Trusted AI Cornerstones: Key Operational Factors
In an earlier post, I shared the four foundations of trusted performance in AI: data quality, accuracy, robustness and stability, and speed. Today I want to talk about another important aspect of trusted AI: the software and human management that facilitate the use of AI. We think of this as the operational environment of an AI system.
To create an ideal operating environment for AI, you need compliance, security, humility, governance, and business rules.
Meeting Regulatory Expectations
Before you put a model into production, you may first need to clear compliance hurdles. Industries such as banking and credit, insurance, healthcare and biomedicine, hiring and employment, and housing are often tightly regulated. Even digital advertising campaigns might have specific regulatory requirements.
To put your regulatory house in order, enlist stakeholders, from legal to information security to your customer. You should first identify potential compliance risks, with each additional step again tested against risks.
Typically, these areas require the most attention: model development, implementation, and use. Managing risk for any model involves understanding which monitoring and risk-mitigation procedures apply.
DataRobot can assist you in satisfying regulatory requirements by automatically generating comprehensive and customizable compliance documentation for any of its modeling approaches applied to your data.
Protecting Sensitive Data
AI and machine learning are fields rife with potential security issues. Because revenue numbers, employee performance, salary or personal data, sales leads, client data, and patient records might be part of your training data, it’s vital that data is protected.
Transparency is a key consideration with regards to security. At one extreme, a model might be a black box, into which a user supplies data and receives a prediction without insight into how the model reached that decision. At the other extreme, a white box model might expose the entire workings of the model.
In between, there are ways to share pertinent information, such as prediction intervals, which quantify the confidence of a prediction. Although this information can potentially expose some of the mechanisms of an otherwise secure model, it might also boost the user’s trust in and ability to interpret a prediction. In short, there are trade-offs to navigate when determining how much information to disclose to users.
Knowing When to Trust a Model
Recognizing and admitting uncertainty is a major step in establishing trust. Think of it like deciding what to wear to an outdoor event. Is rain 40% likely? 60? Such information can give you confidence you’ve made the right apparel choice. Like a weather forecast, AI predictions are inherently probabilistic.
A prediction might be less certain when confronting data significantly different from the data it was trained on. That might mean a piece of data is an outlier. It might also mean it includes a value the model hasn’t seen before.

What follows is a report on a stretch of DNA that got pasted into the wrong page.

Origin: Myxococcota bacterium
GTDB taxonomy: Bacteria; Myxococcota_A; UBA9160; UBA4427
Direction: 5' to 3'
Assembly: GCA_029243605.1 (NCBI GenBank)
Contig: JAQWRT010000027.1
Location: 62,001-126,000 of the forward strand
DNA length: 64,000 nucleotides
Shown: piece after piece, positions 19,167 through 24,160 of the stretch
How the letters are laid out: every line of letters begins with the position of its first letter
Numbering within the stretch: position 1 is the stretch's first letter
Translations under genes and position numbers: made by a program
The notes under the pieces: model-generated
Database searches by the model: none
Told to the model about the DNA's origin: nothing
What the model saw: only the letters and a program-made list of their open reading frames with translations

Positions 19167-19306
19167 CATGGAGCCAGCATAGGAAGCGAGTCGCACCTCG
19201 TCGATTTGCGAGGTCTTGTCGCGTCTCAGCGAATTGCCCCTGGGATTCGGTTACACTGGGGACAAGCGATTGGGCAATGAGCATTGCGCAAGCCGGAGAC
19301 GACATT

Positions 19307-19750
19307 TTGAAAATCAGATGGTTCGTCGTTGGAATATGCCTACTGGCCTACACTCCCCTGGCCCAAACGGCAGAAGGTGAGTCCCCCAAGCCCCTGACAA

Interventions to manage uncertainty in predictions vary widely. The least disruptive intervention is to simply log and monitor uncertain predictions, including their triggering conditions. A more disruptive but sometimes necessary measure is to tie errors to alerts that require attention or intervention from a human operator.
Deploying Good Governance
Governance refers to the human-machine infrastructure that oversees the development and operation of a machine learning model. It is fundamental to creating trusted AI.
AI governance involves monitoring, traceability, and version control to track errors in your system. Good documentation also makes it easier to retrain a model or update the process. Other important considerations for governing AI models include a broad perspective on accuracy, assessments of incoming scoring data, and a record of predictions that can be monitored for instability.
Monitoring accuracy and data drift can help you know when it is time to retrain a model on newer data. But changes can happen suddenly. When they do, solid backups and built-in redundancies help protect your sensitive processes in the case of a black swan event or system outage.
Deciding When and How to Deploy an AI Model
Lastly, you need to adapt your existing business rules and expectations to guide your implementation of an AI model. You know your business best. Any AI model is, first and foremost, a tool at your disposal. Revisit the model frequently to determine if it continues to work well for you. Remember that events such as major holidays or the COVID-19 pandemic can send a model into untrustworthy territory.
Beyond predictions, you can choose to receive information on a model’s confidence and factors that influence its decisions. Like the standard practice with a credit score, a model can show how top features and their values influenced a prediction. Seeing those values confirmed—and getting some insight into the reasoning behind how the model used them—can go a long way to establishing trust in the prediction itself.
Creating trusted AI systems is essential to developing a world where human ingenuity is enhanced by the speed and precision of AI and machine learning. Using the right operational guidelines can help ensure solid, trustworthy results.
Applied Data Scientist, DataRobot
Sarah is an Applied Data Scientist on the Trusted AI team at DataRobot. Her work focuses on the ethical use of AI, particularly the creation of tools, frameworks, and approaches to support responsible but pragmatic AI stewardship, and the advancement of thought leadership and education on AI ethics.
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